Okay, okay. So, now that I finally get this simple point and purpose, will I fit it in? I admit I’m curious. Over the past couple days I’ve made it a point to try. I added a couple of items to Things via Drafts. I added a couple of items to my calendar via the Drafts to Fantastical action. I even created a blog post which I saved to my iA Writer directory on iCloud. I hopped over to iA Writer and opened it and posted to WordPress. I’m going to make an effort for the next week or so to start with Drafts. That should be enough time to make it a part of the routine and better get to know the app and what it is like to use and whether it reduces friction or increases it. Some of these actions are the sort of things I increasingly accomplish with Siri. When I added the events to my calendar using Drafts I had to deliberately stop myself from using Siri. Fine for the purposes of evaluation but day-to-day I’d likely just use Siri.

April 19th update. Well, I wrote the above but never published it. Did I use Drafts much in the 50 days since writing the above post? Some but not much. The final version was just released yesterday so of course it’s all over my RSS and Twitter as the nerds go nuts for the latest text app. I spent some time reading the review by Tim Nahumck over at MacStories. I’ve read a few other things and watched a couple videos. I decided that to give it a fair shake I needed to move it into the Dock where it now sits by iA Writer which would be the app it would potentially replace.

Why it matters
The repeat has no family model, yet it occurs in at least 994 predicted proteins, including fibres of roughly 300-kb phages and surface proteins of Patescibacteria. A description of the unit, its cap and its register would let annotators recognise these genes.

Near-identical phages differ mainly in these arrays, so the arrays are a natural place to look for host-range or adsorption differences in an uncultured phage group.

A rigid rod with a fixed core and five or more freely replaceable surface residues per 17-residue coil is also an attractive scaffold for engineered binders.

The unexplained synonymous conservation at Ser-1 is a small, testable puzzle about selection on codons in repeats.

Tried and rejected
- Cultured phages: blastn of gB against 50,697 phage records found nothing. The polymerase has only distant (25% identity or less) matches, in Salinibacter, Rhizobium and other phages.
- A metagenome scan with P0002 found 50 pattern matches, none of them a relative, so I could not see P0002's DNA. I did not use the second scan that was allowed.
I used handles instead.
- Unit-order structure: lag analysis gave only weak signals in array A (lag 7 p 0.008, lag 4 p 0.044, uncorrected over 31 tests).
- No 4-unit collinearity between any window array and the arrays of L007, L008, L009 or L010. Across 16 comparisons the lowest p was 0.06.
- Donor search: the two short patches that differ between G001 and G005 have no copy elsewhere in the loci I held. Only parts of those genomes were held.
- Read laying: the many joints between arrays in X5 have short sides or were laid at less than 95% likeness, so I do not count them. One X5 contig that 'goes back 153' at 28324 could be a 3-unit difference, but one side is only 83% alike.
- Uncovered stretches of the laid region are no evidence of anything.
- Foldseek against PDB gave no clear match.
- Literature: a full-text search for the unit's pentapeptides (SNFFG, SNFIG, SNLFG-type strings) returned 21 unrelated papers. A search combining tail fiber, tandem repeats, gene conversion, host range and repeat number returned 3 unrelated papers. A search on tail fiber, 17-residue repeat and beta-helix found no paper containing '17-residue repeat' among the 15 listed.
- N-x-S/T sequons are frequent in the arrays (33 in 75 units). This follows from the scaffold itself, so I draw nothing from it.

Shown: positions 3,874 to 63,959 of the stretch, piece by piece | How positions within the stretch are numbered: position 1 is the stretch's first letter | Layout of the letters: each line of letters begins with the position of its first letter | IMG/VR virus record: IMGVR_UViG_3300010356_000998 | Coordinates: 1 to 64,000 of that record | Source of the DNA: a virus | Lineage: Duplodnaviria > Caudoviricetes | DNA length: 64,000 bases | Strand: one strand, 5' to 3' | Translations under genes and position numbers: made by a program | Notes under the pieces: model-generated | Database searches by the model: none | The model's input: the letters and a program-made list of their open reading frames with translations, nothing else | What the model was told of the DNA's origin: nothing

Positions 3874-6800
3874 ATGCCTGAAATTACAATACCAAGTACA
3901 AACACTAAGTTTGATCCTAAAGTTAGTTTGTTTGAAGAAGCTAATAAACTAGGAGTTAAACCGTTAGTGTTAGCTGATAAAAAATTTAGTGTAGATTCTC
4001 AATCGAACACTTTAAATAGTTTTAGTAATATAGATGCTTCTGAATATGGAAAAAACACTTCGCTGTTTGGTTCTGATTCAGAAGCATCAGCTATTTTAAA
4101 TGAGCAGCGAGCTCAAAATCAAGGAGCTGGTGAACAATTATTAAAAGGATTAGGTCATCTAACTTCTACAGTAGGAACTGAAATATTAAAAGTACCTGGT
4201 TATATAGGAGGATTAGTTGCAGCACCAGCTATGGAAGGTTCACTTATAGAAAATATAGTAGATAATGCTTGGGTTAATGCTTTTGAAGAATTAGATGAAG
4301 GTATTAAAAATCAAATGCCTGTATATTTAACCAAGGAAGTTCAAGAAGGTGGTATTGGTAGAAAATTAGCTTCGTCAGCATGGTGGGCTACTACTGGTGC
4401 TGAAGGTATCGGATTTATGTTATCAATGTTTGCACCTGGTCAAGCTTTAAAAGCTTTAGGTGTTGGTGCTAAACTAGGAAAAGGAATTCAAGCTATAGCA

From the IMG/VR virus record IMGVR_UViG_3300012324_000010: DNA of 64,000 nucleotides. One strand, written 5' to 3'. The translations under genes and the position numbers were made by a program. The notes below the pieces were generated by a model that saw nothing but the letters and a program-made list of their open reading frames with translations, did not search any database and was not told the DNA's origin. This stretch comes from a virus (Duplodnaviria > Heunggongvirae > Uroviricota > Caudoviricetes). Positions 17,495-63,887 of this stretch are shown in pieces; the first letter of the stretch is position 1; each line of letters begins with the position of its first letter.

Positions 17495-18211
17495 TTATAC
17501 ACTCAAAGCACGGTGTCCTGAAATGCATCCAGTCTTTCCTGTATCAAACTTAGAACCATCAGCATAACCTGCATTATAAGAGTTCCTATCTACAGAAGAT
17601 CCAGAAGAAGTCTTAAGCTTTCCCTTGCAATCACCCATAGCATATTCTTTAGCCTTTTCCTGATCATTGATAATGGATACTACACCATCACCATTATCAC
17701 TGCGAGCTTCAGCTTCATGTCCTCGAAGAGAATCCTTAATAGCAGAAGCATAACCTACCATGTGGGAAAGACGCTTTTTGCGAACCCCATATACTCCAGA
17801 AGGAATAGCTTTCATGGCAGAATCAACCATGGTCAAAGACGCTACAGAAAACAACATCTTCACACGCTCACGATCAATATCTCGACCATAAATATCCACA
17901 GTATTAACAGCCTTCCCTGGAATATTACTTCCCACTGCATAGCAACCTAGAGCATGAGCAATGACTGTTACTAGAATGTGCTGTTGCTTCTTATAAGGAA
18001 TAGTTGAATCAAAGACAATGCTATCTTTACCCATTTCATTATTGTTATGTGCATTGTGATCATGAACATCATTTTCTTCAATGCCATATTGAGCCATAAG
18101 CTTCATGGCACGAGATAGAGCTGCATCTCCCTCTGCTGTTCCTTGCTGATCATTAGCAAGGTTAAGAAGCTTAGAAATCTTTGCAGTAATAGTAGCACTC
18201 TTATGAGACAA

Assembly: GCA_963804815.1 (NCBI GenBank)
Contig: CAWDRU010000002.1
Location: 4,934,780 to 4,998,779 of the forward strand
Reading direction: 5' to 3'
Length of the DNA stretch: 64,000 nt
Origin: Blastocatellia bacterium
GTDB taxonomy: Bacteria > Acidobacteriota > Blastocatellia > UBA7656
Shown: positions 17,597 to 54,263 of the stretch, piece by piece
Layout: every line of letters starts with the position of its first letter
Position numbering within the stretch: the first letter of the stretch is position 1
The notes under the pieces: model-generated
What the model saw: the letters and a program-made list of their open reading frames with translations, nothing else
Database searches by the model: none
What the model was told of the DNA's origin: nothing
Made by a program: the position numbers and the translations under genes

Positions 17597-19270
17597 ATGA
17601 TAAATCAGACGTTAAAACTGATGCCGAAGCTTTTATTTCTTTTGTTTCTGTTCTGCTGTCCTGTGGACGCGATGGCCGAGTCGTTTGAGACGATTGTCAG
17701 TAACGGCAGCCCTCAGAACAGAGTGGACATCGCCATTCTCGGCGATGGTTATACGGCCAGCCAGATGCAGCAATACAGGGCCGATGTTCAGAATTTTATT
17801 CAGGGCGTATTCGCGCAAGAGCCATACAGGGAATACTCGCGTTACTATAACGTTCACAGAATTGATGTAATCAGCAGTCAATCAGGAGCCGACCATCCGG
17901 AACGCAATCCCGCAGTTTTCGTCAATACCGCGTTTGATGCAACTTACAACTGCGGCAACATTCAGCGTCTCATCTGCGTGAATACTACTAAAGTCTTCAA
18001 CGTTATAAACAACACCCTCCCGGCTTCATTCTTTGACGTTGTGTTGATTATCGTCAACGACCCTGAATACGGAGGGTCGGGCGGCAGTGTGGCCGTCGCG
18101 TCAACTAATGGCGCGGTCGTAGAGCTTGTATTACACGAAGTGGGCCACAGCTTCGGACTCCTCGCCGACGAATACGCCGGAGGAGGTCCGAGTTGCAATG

Comparing iA Writer and Drafts Both apps have very pleasant writing environments. Both have features the other does not so there will be trade offs as is always the case when choosing between apps of any kind.

I use iA Writer to write and publish to my two WordPress blogs and for podcast transcripts which get exported to pdf and html. It works very well for those tasks. How does Drafts do? With Drafts I can print to pdf and export to html (both are actions downloaded from the action directory). There is no built in blog publishing other than sharing via the share sheet to the WordPress which is very limited. That said, there is an action to copy as rich text. From there it is a simple step to switch to Safari or the WordPress app, create a post and paste. When I use iA Writer I’m taken to Safari anyway for a final check before I post from within Safari. So, either way, it’s essentially the same.

Document storage is another consideration. Here I give the edge to iA Writer which autosaves and stores all of it’s files as text files in iCloud which is a huge plus. Also, iA Writer documents in the app can be stored in folders and those folders also exist in the Files app on iCloud. By comparison, Drafts keeps its documents in its own synched database and does not offer folders other than the default four which are Inbox, Flagged, Archive and Trash. Organization in Drafts can be accomplished via tags though and that’s potentially very useful and potentially even more powerful than folder-based organization. If I need to I can save my documents as txt to any location which is an added step by comparison to the native text files used by iA Writer but it’s a pretty simple step.